This particular interpretation of the character of Lennie can actually be seen in the way how Candy, Crooks and George all seem to believe in and are snared by the vision of the farm created by Lennie and the freedom it entails for all of them. Lennie is the personification of the innocent hopes and dreams people tend to have in order to survive yet just like these very dreams when faced with the stark harshness of reality they tend to die.
His death is symbolic of the death of dreams when faced with reality, in that the scenes involving his habit of stroking soft things culminating in the death of the Curly’s wife could in fact be interpreted as the harshness of reality slowly creeping up on Lennie with the subsequent deaths of the animals and Curly’s wife being symbolic of the way in which reality slowly eats away at a dream till nothing is left at all.
Andrews, Christopher. “The Essential Criticism of John Steinbeck’s Of Mice and Men.” Steinbeck Review 6.2 (2009): 131-134. Literary Reference Center. EBSCO. Web.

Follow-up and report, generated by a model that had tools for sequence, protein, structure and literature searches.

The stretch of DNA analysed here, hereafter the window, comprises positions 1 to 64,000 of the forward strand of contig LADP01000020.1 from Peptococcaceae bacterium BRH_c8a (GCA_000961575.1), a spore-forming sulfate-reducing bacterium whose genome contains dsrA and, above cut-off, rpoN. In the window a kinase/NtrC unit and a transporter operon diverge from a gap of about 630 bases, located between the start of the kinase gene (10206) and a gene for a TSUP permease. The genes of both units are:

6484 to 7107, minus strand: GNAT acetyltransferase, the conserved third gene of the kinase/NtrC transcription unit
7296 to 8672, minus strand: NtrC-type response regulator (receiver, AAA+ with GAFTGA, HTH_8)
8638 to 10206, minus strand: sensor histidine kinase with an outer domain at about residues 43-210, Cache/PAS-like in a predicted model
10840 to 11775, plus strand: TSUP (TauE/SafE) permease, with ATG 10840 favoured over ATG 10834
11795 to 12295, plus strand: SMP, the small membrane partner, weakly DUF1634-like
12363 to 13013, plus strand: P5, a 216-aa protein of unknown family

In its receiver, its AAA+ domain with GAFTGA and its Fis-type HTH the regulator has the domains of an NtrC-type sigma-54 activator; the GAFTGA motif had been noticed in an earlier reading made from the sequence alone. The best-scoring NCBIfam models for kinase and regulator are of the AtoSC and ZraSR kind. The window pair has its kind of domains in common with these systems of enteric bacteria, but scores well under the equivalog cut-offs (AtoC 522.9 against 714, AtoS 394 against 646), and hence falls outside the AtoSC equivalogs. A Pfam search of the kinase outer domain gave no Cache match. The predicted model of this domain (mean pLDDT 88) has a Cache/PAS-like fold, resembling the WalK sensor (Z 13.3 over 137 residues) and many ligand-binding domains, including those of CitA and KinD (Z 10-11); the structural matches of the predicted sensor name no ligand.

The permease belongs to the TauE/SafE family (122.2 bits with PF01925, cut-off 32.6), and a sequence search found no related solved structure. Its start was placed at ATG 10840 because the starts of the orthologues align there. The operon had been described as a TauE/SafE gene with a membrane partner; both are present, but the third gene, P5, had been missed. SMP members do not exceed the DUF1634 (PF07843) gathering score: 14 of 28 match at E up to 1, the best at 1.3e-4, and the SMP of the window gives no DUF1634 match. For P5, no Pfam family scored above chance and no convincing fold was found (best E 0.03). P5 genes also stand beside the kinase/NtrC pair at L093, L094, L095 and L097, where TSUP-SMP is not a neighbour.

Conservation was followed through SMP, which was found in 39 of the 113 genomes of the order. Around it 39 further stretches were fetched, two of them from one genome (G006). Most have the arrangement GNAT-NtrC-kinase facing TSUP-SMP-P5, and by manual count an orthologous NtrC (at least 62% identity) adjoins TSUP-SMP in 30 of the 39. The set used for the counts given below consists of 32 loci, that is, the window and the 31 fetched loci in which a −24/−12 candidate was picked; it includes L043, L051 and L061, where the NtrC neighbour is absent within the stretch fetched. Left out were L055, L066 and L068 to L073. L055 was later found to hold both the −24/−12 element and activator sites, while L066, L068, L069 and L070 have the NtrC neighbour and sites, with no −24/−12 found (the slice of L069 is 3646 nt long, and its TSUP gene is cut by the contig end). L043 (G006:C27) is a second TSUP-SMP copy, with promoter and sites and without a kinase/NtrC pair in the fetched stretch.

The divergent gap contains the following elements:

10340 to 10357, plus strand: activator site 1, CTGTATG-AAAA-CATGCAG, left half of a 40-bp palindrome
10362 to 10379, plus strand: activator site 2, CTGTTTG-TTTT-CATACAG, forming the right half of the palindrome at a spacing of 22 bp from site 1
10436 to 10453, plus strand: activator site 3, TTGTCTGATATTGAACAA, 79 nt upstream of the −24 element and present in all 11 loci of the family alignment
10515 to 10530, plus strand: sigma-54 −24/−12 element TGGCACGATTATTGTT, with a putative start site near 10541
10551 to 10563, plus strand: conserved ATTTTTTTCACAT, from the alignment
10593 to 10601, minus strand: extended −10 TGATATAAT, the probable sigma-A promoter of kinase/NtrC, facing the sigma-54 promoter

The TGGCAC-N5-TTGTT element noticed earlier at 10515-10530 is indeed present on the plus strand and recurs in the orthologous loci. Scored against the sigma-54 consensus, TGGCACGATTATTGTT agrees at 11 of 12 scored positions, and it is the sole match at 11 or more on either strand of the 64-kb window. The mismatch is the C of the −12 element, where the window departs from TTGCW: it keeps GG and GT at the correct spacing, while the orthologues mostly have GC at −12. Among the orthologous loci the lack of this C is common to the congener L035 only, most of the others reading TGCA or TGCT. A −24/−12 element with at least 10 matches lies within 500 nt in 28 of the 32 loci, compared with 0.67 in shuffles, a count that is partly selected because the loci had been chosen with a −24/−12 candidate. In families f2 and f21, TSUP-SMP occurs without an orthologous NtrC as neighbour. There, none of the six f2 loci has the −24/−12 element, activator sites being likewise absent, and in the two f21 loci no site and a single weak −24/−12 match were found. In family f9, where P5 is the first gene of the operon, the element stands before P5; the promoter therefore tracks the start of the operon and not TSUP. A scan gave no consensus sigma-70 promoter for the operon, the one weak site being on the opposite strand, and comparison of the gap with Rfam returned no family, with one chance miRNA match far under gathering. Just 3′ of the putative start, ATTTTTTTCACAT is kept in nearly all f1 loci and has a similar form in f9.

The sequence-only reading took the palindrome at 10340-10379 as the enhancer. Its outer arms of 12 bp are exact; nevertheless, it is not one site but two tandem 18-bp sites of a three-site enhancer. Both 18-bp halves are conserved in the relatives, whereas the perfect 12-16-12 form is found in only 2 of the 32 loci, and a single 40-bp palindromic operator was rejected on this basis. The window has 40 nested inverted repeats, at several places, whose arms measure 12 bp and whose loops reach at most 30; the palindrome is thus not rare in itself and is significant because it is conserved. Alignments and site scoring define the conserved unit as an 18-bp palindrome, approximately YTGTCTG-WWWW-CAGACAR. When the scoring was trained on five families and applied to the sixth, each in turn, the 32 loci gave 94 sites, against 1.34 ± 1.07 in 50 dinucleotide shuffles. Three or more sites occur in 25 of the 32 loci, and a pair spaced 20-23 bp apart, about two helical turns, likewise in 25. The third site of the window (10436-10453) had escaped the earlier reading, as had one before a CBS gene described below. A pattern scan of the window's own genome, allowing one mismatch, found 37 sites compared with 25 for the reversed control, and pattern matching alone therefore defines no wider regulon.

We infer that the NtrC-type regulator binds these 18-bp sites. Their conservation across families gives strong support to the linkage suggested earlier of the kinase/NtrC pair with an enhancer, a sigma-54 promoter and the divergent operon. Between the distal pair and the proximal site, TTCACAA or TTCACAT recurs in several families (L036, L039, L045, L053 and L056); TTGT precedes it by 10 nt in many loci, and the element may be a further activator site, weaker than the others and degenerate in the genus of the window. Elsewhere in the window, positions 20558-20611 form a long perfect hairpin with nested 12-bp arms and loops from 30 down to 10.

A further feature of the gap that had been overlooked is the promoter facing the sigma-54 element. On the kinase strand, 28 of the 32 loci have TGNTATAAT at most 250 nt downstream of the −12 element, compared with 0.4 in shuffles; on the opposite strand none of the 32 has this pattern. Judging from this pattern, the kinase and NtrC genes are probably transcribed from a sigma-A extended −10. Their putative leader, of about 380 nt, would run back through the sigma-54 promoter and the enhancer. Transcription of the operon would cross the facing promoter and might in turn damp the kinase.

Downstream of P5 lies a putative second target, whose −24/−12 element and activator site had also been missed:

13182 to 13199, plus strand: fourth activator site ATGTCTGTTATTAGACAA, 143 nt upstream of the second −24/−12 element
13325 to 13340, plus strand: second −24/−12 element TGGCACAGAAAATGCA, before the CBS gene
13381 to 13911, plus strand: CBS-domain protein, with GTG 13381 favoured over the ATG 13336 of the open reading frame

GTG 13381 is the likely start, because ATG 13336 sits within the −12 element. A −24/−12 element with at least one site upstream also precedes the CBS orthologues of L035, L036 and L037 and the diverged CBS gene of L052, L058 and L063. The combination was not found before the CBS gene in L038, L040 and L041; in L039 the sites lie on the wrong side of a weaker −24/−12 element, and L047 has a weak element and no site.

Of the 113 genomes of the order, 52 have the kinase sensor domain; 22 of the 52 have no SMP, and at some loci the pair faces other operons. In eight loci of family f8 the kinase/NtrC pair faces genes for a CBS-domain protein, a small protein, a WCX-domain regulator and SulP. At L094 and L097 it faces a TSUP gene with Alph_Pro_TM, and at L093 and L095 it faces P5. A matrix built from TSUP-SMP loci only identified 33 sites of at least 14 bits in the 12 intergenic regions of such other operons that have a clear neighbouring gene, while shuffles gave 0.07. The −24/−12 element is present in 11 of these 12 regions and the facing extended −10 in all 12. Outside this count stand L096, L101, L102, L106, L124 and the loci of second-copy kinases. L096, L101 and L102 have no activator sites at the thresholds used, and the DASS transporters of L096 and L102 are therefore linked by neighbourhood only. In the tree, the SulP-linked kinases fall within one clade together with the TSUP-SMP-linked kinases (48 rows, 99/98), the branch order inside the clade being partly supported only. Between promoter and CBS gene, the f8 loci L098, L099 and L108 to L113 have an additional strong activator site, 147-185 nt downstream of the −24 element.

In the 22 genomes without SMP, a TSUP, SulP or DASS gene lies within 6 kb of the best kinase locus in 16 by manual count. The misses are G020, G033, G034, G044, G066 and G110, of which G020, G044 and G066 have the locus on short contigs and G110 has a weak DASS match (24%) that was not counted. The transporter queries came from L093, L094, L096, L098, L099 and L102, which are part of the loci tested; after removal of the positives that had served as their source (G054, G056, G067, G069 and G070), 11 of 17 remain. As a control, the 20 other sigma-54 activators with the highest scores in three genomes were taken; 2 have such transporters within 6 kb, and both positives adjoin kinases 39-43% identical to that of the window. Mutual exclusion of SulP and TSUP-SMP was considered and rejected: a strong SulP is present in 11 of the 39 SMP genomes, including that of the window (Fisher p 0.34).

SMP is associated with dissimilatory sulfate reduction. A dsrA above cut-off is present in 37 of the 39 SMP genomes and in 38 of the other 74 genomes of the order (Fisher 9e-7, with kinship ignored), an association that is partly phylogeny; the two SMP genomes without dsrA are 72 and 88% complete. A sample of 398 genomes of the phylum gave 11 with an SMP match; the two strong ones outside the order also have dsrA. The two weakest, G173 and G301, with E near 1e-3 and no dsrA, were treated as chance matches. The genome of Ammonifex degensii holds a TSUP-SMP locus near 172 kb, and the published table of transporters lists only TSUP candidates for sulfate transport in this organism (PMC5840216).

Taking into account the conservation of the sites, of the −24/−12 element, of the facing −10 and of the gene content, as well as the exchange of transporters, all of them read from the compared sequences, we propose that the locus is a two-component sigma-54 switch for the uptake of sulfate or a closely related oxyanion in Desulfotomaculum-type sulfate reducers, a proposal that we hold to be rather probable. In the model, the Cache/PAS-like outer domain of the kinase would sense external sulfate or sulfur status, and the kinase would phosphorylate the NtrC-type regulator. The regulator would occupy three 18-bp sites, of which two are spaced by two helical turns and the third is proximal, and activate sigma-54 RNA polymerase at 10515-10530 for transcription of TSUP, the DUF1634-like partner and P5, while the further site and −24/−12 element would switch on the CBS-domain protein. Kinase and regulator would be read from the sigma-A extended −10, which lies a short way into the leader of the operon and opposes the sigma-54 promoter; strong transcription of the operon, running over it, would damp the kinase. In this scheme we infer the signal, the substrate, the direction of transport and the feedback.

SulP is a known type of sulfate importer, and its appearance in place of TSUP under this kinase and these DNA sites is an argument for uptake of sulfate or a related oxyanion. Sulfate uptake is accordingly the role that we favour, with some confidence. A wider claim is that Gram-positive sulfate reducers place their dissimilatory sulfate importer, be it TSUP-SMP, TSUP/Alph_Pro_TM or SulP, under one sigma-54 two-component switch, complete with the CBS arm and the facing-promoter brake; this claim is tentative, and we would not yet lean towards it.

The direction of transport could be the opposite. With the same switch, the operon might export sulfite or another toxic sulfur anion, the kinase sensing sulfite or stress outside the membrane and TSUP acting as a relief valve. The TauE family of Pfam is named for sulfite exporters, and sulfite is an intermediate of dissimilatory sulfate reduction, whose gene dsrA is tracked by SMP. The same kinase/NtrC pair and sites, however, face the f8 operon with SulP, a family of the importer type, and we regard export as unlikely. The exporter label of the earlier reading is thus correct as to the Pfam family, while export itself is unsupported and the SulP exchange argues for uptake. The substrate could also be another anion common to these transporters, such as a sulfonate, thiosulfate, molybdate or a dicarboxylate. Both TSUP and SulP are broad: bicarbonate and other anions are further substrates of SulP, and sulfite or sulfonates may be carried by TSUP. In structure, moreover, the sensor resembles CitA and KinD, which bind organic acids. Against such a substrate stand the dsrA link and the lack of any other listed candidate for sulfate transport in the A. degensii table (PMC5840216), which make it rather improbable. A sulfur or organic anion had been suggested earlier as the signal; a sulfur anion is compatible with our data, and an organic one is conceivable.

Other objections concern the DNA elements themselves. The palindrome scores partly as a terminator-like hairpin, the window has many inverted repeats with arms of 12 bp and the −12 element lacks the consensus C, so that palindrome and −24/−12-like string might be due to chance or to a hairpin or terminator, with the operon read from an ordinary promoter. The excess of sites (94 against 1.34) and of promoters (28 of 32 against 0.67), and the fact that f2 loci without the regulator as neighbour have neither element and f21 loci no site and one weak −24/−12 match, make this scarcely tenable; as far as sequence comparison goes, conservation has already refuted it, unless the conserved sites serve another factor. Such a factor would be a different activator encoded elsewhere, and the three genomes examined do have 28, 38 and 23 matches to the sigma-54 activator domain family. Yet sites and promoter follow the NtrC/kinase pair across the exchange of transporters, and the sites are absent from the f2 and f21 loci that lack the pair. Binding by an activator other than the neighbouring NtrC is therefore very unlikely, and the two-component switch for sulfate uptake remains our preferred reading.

Cardullo, Bert. “On the Road to Tragedy: Mice, Candy, and Land in Of Mice and Men.” American Drama 16.1 (2007): 19-29. Literary Reference Center. EBSCO. Web.
Doren, Mark Van, and Harold Bloom. “Mark Van Doren on the Unrealistic Characters in of Mice and Men.” Bloom’s Notes: Of Mice & Men (1999): 26-27. Literary Reference Center. EBSCO. Web.
Jain, Sunita, and Harold Bloom. “SUNITA JAIN ON EVIL IN OF MICE AND MEN.” Bloom’s Notes: Of Mice & Men (1999): 45-46. Literary Reference Center. EBSCO. Web.
Person Jr., Leland S., and Harold Bloom. “LELAND S. PERSON JR. ON THE DREAM OF A MALE UTOPIA.” Bloom’s Major Novelists: John Steinbeck (2000): 71-72. Literary Reference Center. EBSCO. Web.
Sardar, Ziauddin, and Francess Stonor Saunders. “Of mice and men.” New Statesman 129.4517 (2000): 48. Literary Reference Center. EBSCO. Web.
Tecott, Laurence H. “The Genes and Brains of Mice and Men.” American Journal of Psychiatry 160.4 (2003): 646. Academic Search Premier. EBSCO. Web.
Watt, F. W., and Harold Bloom. “F. W. Watt on The Characters in of Mice and Men.” Bloom’s Notes: Of Mice & Men (1999): 37-38. Literary Reference Center. EBSCO. Web.